• Family members of a missing passenger from the capsized passenger ferry, Sewol, wait for news of the rescue operation at a makeshift accommodation, in the port city of Jindo, April 23, 2014.
    • Women wearing protective suits spray antiseptic solution around the tents of volunteers who distribute food and necessities for relatives of missing passengers of Sewol, in Jindo, April 23, 2014.
    • People pray during a candlelight vigil to commemorate the victims of capsized passenger ferry Sewol and to wish for the safe return of missing passengers, in Ansan, Korea, April 23, 2014.
    • Satellite trucks for members of the press reporting on the sunken ferry, Sewol, in Jindo, April 18, 2014. (Sungmin Do/VOA)
    • A Buddhist monk prays for the missing passengers who were on the South Korean ferry, Sewol. Family members, rescue staff and members of the press gather at the port, Jindo, April 18, 2014. (Sungmin Do/VOA)
    • A rescue diver jumps in near the buoys installed to mark the location of the sunken ferry Sewol off the southern coast, near Jindo, April 18, 2014. 
    • This giant offshore crane will be used in the rescue operation of the capsized passenger ferry Sewol. Seen here, it is moving into position as members of the South Korean Navy's SSU (Ship Salvage Unit) take part in the rescue operation, Jindo, April 18, 2014.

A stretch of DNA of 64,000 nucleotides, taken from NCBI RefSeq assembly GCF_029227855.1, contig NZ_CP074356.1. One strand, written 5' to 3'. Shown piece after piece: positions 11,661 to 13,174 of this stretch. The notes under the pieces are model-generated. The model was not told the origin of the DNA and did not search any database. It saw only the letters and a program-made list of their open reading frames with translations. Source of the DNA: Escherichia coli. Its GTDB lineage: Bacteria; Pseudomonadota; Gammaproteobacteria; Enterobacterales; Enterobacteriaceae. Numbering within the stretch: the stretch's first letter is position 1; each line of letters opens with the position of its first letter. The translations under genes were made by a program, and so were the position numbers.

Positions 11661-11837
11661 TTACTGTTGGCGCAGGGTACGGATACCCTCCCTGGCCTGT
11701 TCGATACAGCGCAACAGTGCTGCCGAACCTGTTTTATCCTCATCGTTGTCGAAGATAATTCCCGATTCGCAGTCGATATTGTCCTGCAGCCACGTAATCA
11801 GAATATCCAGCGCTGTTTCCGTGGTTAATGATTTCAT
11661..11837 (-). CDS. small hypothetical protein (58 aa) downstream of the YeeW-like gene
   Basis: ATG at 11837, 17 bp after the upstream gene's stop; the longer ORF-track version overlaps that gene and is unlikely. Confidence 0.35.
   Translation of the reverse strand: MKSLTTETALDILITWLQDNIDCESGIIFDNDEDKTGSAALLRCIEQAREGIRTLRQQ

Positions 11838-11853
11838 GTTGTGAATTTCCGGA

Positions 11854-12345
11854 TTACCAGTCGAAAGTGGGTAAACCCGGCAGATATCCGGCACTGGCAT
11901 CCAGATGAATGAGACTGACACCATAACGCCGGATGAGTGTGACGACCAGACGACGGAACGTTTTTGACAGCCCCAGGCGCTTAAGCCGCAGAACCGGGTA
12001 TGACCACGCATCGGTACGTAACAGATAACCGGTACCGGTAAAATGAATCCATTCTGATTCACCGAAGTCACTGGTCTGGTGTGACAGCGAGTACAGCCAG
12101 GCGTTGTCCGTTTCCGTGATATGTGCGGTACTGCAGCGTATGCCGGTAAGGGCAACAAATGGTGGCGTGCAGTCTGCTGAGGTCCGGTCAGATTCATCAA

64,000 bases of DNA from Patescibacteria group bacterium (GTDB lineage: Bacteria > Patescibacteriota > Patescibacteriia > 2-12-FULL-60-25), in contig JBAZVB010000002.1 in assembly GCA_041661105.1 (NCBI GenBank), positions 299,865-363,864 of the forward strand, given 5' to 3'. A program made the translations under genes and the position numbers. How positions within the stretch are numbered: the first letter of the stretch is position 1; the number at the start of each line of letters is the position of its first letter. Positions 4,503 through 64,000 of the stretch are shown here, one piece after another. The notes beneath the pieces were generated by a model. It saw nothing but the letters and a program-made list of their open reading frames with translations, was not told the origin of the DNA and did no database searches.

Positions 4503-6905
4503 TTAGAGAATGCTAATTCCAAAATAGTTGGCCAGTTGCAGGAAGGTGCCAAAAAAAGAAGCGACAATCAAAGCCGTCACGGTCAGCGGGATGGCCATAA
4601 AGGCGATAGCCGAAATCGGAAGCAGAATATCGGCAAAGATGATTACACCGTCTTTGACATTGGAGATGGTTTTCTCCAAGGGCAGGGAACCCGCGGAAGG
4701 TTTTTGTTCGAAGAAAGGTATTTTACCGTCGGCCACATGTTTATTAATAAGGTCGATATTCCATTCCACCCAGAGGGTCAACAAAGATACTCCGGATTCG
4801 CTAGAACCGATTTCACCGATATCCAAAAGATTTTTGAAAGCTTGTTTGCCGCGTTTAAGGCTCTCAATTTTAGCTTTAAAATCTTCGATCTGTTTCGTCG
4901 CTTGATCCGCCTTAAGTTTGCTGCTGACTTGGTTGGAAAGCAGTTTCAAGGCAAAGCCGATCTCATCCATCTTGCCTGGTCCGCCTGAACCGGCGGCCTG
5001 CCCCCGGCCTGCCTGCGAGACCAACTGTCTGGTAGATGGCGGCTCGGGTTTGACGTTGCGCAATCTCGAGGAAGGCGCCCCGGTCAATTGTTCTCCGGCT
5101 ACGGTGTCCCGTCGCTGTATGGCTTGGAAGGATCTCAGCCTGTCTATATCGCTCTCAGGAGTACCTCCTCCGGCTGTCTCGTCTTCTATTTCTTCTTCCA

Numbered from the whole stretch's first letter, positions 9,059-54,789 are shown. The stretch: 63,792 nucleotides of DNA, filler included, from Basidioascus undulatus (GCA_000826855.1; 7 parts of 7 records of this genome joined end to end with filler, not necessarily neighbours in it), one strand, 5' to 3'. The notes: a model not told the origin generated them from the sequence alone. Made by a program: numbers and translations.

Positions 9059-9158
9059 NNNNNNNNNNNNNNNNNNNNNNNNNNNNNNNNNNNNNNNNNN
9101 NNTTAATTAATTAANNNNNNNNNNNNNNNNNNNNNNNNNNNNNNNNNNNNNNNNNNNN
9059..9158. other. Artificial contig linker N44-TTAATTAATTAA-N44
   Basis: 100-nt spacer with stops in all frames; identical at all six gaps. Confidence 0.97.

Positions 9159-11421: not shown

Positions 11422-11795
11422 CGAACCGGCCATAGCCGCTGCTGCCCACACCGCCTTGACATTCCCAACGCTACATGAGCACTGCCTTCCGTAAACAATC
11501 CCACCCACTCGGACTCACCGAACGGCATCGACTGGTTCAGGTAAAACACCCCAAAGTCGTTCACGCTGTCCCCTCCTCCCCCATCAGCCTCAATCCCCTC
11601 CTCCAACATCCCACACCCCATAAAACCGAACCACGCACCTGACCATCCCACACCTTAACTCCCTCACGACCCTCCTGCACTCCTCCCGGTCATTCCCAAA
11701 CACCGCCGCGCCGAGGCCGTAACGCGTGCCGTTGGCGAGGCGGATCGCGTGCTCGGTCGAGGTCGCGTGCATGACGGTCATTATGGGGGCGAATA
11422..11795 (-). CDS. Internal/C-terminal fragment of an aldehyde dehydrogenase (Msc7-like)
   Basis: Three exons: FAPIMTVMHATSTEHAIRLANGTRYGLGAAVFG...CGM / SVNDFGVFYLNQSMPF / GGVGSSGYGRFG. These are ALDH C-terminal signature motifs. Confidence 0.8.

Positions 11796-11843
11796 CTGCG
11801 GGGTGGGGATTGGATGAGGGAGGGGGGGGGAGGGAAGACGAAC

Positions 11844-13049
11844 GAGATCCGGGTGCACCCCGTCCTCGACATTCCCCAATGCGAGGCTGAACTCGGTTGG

• A family member of a missing passenger on South Korean ferry Sewol cries as she waits for news from a rescue team, Jindo, April 18, 2014.
    • A family member of missing passengers who were on the Sewol ferry looks toward the site of the incident, Jindo, April 18, 2014.

    Authorities have not established the cause of the disaster, but some survivors report hearing a loud impact noise before the vessel tilted and began sinking.

    A memorial service for many of the victims is planned Wednesday in Ansan, South Korea, home to many of the high school students on the ship.

    Most of the victims were high schools students on their way to a school outing on the resort island of Jeju.
     
    Error rendering storify.

    You May Like

    Hope Remains for Rio Olympic Games, Despite Woes